Because there is no custom SQL code, any other RDBMS database could be used with no business code change (just changing data source bootstrap).
OK now show me the code!
No more blah blah. The methodology of this tutorial is simple, let's to show the code first, and later we will explain the details of every code snippet.
The code of this tutorial just have two parts, the DAO class and use examples managing a Contact POJO class and the second part talks about transactions.
We are presenting first the ultra complex Contact class
The DAO class managing Contact objects
Finally the use cases
Let's Explain: initialization
To initialize JEPLayer (non-JTA) we just need a DataSource:
to finally obtain a JEPLNonJTADataSource object, this object wraps the provided DataSource. In fact JEPLayer is basically a set of wrappers on top of JDBC, nothing new, the "new" JEPLayer specific part is you ever have optional access to original JDBC objects when you need some specific configuration and behavior, depending of the phase of the persistent lifecycle, avoiding re-inventing JDBC again and again.
As you can see jOOQ initialization for MySQL is trivial because we are going to use just a subset of its capabilities.
The previous code configures by default the JEPLNonJTADataSource root object to disable transactions using a JEPLConnectionListener, this is the verbose version of jds.setDefaultAutoCommit(true), in fact it is also unnecessary because transactions are disabled by default (later we are going to see many options to execute transactions with no need of enable them by default, in a ideal world all persistent actions must be inside transactions but in practice only changing actions should).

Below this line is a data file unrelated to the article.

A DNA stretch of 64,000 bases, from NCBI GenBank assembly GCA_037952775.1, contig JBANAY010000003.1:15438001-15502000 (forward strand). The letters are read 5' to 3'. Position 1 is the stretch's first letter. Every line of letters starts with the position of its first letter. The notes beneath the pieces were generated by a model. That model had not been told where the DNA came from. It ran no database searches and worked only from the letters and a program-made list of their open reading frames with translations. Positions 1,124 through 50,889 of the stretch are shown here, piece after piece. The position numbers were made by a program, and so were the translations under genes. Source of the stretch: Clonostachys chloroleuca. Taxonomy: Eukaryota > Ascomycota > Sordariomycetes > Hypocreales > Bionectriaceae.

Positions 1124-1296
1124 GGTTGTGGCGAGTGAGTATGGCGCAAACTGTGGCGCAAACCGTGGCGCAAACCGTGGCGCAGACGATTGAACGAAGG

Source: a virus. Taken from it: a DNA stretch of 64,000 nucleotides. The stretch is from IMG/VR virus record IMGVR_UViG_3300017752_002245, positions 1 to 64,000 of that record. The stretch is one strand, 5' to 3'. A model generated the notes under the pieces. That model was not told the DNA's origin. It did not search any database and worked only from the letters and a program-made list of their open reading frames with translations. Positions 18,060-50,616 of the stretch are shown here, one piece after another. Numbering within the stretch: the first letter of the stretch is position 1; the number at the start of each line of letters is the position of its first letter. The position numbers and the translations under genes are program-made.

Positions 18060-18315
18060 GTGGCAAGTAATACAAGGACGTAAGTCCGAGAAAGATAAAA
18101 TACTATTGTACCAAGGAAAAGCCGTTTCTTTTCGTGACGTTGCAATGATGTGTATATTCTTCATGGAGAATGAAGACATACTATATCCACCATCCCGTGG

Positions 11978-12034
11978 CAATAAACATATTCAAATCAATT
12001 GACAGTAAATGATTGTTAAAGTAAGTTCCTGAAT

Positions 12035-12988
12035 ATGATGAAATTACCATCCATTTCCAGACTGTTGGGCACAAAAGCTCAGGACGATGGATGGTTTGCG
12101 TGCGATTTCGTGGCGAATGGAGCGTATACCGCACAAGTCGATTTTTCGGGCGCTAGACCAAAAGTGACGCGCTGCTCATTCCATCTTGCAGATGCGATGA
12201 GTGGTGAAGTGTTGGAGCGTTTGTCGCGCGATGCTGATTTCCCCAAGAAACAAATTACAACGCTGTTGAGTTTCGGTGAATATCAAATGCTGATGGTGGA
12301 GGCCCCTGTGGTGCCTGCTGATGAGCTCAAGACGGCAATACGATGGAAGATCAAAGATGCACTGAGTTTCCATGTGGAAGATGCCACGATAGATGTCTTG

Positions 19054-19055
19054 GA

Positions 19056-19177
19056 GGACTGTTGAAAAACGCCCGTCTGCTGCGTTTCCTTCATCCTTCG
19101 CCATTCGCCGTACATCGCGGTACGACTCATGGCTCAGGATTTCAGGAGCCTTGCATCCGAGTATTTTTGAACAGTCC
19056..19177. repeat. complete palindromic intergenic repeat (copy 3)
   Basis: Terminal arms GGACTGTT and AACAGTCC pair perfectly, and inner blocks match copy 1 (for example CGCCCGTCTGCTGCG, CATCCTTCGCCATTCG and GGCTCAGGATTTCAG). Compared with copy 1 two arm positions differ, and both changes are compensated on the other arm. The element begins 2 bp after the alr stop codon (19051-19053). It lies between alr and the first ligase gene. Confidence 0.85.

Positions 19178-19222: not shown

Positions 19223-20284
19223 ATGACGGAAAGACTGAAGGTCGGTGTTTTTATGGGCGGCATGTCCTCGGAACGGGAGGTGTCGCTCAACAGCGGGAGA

The method createTables() shows how to execute SQL raw code using a JEPLDAL (DAL=Data Access Layer) object. A JEPLDAL object can be a singleton (the same as JEPLDAO objects in fact this interface inherits from JEPLDAL) and is designed to execute persistent actions when you do not need to convert requested data to POJOs.
Let's see how ContactDAO is initialized:
This constructor creates a JEPLDAO<Contact> object, this object can be a singleton and can be used to manage Contact objects, besides implementing the interface JEPLDAL, JEPLDAO<T> provides methods to manage the persistence of the class T specified, in this case Contact.
The constructor is very verbose to show the options of mapping columns and attributes, the parameter mappingMode decides the approach used for mapping. In this example all approaches are the same, all attributes are mapped to the columns with the same name ignoring case. The first one is enough and the simplest in this case:
The JEPLUpdateDAOListenerDefault when registered will be used to internally generate the SQL code and parameters to execute JEPLDAO<Contact>.insert(Contact obj)/update(Contact obj)/delete(Contact obj) methods.
The JEPLResultSetDAOListenerDefault when registered will be used to create the POJOs mapped to resulting rows when executing DAO queries.
If you need more complex bindings and data transformation use other more specific approach. The JEPLResultSetDAOBeanMapper is interesting when most of them match by default but someone need a custom binding or excluding.
Inserting persistent objects
This is the insert() method in DAO: